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Effect of hypothermic storage in liver allograft preservation solutions on vasoactivity and prostacyclin synthesis by the rabbit aorta, in vitro.
71 - 78.
Primary graft dysfunction following orthoptic liver transplantation has been ascribed to thrombotic and ischemic complications in a high proportion of cases. It has been suggested that hypothermic storage of livers in preservation solutions elicits damage to the vascular endothelium. Since the endothelium controls vasoactivity and hemostasis via release of endothelium derived relaxing factor (EDRF) and prostacyclin (PGI2), storage injury to the endothelium may predispose the allograft to thrombosis, ischemia and impaired perfusion. In order to test this, the effect of long-term hypothermic storage in modified University of Wisconsin solution (UW), kidney perfusion solution (KPS) and minimum essential medium (MEM) on phenylephrine (PE)-stimulated contraction and acetylcholine (ACh)-stimulated relaxation, as well as PGI2 release by rabbit aortic rings was investigated. Following cold storage for 24, 48 and 72 h, PE and ACh dose response curves were unaffected by storage in MEM, UW or KPS. Following hypothermic storage for 24 h and 48 h, PGI2 release (stimulated with PE, ACh, arachidonate, fluoride, calcium ionophore and phorbol ester) was not significantly altered from zero time responses. These results demonstrate that hypothermic storage of rabbit aortic rings in both UW and KPS do not influence two key endothelial functions (the release of EDRF or PGI2) which in turn indicates that endothelial damage associated with reperfusion following hypothermic storage is not causally related to alterations in EDRF and PGI2 release.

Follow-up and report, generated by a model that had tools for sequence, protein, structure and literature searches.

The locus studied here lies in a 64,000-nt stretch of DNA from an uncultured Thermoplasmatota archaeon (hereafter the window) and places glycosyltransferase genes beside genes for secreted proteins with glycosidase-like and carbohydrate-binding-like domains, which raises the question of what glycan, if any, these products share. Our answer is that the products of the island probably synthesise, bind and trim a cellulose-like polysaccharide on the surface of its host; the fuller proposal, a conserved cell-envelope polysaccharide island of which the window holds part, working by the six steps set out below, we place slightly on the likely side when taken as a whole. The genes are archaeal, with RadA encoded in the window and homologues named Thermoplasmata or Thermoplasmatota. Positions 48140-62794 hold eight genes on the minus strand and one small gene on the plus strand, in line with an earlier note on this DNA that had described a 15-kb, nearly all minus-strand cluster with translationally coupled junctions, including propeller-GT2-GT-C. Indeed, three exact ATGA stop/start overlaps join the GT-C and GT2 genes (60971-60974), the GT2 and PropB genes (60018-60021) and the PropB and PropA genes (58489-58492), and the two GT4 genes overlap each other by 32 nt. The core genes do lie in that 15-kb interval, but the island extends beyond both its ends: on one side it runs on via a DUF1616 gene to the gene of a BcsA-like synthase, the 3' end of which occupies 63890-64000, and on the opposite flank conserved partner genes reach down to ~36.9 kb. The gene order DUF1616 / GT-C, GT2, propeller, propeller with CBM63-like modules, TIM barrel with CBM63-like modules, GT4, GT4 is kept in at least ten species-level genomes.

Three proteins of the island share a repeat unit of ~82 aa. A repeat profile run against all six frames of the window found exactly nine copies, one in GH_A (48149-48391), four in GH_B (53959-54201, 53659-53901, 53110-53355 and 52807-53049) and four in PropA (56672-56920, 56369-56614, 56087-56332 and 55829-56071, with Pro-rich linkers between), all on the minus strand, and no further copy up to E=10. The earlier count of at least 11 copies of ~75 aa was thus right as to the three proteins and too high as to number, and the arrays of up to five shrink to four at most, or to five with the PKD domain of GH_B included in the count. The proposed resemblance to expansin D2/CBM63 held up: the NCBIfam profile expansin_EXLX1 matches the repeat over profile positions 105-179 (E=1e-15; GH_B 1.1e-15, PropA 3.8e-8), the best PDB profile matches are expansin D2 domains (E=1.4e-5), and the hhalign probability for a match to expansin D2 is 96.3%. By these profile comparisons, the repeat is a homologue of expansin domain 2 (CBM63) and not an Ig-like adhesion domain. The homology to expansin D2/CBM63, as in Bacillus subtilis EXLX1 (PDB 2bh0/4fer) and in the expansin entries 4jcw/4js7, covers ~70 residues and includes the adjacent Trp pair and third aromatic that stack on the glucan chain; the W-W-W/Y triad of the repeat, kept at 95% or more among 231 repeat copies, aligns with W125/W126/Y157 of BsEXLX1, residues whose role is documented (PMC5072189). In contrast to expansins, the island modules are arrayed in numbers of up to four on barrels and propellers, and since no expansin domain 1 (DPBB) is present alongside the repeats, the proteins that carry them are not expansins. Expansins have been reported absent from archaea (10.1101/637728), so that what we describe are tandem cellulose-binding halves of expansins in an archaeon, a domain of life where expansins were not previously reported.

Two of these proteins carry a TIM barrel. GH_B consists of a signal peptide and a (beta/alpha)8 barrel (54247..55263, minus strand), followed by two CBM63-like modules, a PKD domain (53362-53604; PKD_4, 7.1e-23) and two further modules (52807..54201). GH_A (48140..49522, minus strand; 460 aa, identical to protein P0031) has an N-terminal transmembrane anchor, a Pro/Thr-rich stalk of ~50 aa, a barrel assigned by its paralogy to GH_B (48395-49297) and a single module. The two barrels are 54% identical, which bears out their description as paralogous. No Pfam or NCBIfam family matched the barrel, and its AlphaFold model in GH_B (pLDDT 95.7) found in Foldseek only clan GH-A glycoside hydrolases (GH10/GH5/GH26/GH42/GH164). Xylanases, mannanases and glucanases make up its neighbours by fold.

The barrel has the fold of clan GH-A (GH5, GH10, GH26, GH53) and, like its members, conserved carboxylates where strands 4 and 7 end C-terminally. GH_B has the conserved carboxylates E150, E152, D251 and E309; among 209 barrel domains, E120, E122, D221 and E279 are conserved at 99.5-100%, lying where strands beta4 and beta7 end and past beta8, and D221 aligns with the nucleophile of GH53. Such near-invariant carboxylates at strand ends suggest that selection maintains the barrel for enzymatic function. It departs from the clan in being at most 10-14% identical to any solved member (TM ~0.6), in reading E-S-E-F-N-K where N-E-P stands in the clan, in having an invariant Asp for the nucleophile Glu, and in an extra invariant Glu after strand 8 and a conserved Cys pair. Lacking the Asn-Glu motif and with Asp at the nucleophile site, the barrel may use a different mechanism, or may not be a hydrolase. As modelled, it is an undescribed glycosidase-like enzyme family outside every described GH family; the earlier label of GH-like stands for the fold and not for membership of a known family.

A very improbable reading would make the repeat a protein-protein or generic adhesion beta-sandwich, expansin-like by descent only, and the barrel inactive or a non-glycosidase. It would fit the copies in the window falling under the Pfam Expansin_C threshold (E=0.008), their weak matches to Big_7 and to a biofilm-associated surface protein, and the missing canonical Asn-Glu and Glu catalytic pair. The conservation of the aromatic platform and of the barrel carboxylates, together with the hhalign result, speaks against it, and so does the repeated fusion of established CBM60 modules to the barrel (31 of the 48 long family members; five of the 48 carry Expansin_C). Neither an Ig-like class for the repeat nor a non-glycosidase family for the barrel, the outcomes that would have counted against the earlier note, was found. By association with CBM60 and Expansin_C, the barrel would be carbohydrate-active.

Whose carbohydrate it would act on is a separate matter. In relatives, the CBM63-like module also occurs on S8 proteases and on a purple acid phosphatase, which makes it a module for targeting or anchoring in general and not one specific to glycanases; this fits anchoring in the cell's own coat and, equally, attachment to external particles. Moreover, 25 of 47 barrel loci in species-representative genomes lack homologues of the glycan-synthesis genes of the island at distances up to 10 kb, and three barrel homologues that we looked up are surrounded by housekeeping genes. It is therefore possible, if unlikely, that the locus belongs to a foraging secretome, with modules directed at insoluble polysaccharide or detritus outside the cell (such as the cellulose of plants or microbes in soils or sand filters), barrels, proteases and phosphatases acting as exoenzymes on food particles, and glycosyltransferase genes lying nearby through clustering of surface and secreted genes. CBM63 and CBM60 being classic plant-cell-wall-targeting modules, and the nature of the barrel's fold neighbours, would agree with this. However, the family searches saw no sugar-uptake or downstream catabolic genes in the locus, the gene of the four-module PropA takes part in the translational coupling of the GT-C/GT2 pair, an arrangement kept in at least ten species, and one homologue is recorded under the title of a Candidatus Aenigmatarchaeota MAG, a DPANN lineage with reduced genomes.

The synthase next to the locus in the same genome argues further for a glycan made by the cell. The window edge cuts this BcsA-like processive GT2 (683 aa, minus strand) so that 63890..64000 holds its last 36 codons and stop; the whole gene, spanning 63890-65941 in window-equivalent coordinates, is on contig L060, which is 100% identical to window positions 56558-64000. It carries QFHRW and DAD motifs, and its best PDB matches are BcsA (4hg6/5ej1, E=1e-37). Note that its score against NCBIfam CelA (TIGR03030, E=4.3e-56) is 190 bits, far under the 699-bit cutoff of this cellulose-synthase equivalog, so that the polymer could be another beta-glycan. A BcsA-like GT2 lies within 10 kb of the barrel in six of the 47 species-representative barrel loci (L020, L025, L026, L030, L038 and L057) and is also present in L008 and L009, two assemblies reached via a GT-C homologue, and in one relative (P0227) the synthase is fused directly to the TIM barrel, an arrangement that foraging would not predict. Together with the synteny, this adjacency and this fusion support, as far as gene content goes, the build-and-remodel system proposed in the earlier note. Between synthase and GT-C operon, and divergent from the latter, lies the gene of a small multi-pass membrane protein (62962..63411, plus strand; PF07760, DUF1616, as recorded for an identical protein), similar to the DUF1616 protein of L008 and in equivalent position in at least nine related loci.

|Title:||Effect of hypothermic storage in liver allograft preservation solutions on vasoactivity and prostacyclin synthesis by the rabbit aorta, in vitro.|
|Keywords:||Animals, Aorta, Cryopreservation, Endothelium, Vascular, Epoprostenol, In Vitro Techniques, Liver Transplantation, Male, Rabbits, Solutions, Transplantation, Homologous, Vasodilation|
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